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49 states enjoyed GDP growth last year, study says

June 10, 2013|By Shan Li
  • Thanks to an oil boom, North Dakota's GDP growth in 2012 tops the nation.
Thanks to an oil boom, North Dakota's GDP growth in 2012 tops the nation. (Jim Gehrz / MCT )

All states in the U.S., with the exception of Connecticut, saw growth in gross domestic product last year, a new study says.

Leading the way was North Dakota, where a wealth of oil fueled by fracking in the Bakken Shale has led to boom times and a 13.4% jump in GDP, according to a Bureau of Economic Analysis report.

That far exceeds the average U.S. GDP -- known as real GDP -- which clocked in at 2.5% last year, a slight jump from the 1.6% growth experienced in 2011.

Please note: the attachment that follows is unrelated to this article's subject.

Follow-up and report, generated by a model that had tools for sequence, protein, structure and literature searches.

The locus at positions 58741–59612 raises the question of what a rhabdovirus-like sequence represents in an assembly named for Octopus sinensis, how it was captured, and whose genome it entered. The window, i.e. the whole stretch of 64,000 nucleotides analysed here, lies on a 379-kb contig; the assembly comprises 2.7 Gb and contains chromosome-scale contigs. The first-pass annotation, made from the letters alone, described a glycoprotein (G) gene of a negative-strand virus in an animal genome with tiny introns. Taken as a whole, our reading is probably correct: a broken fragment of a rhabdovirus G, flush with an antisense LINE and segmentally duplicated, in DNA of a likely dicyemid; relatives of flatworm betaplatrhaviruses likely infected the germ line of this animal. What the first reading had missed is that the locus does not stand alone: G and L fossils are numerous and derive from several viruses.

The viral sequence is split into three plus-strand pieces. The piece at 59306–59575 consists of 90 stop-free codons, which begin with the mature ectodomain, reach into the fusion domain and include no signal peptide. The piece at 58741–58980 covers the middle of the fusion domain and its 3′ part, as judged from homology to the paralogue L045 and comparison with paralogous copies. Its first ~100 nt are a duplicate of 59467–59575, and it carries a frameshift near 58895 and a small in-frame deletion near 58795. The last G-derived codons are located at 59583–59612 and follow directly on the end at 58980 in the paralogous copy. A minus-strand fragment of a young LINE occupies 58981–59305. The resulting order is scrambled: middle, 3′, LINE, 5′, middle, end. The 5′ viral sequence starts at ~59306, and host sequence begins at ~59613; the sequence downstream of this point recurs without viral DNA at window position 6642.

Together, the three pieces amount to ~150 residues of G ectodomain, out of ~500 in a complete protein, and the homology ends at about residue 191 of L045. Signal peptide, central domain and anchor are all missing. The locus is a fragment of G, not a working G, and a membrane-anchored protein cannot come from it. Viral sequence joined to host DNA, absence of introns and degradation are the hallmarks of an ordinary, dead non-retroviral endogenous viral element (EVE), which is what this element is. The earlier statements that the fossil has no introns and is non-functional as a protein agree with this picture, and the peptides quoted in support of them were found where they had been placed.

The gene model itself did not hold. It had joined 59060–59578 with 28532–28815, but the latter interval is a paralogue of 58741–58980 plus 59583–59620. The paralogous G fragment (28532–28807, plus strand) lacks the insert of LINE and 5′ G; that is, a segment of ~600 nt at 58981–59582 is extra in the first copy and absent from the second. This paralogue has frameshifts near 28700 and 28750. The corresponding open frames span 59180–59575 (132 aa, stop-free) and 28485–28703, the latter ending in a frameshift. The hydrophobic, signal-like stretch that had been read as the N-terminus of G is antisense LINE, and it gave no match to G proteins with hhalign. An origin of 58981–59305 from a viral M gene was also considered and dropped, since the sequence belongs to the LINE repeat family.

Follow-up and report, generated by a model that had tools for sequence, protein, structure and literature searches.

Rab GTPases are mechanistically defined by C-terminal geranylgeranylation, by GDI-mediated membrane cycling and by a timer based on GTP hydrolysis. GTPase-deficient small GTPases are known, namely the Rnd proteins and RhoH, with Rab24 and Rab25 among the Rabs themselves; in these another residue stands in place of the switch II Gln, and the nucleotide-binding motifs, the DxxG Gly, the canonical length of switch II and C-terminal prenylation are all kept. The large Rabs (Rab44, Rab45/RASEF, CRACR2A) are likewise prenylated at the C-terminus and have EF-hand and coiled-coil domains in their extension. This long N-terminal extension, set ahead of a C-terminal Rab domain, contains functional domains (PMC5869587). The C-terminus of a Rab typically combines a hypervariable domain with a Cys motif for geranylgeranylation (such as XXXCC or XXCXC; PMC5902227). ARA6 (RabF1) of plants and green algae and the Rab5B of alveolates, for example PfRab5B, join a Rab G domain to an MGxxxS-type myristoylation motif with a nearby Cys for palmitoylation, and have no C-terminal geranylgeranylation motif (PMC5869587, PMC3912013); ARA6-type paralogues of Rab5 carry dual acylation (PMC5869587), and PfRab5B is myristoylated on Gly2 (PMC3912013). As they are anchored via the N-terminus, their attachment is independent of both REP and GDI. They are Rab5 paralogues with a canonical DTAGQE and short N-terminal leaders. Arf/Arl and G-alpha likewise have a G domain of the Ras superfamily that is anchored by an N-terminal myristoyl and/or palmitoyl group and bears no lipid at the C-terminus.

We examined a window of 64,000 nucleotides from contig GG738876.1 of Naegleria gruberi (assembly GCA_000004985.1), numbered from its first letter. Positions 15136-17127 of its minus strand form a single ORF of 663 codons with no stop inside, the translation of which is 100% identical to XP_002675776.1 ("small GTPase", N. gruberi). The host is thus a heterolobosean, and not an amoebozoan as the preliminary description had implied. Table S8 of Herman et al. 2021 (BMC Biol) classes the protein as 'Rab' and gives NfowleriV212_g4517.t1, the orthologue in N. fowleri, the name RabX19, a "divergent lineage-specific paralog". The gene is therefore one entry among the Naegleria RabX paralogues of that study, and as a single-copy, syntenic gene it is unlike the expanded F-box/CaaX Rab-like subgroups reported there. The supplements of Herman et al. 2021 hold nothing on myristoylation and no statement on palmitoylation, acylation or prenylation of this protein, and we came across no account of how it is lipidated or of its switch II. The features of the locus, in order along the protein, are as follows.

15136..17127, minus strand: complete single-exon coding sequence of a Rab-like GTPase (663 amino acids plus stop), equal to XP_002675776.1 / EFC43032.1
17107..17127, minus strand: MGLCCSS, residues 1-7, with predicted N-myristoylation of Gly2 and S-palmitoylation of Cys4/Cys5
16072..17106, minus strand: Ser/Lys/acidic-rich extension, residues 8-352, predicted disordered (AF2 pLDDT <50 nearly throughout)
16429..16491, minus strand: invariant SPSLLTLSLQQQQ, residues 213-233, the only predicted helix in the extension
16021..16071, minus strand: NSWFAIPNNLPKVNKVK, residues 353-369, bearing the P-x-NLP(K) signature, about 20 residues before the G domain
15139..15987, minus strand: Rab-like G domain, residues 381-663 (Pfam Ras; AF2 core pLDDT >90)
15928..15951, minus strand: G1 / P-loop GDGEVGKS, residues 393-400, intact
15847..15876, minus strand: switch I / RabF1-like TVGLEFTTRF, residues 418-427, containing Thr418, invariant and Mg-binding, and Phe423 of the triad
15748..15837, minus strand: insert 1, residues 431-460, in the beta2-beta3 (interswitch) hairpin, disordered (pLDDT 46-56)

Connecticut was the only state to show a GDP decline of 0.1%, where government cutbacks and turmoil in the financial and real estate businesses have hurt the state's chances of bouncing back.

"One of the things that Connecticut has done, which is showing up in these numbers, is shrink the size of government faster than just about every other state," Gov. Dannel Malloy told the Hartford Courant. "That is not generally understood. So that has a negative impact and specifically had a negative impact in 2012."

North Dakota's oil rush, by contrast, has created almost 2,000 fresh millionaires each year from oil royalties, according to University of North Dakota's Center for Innovation.


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Follow Shan Li on Twitter @ShanLi

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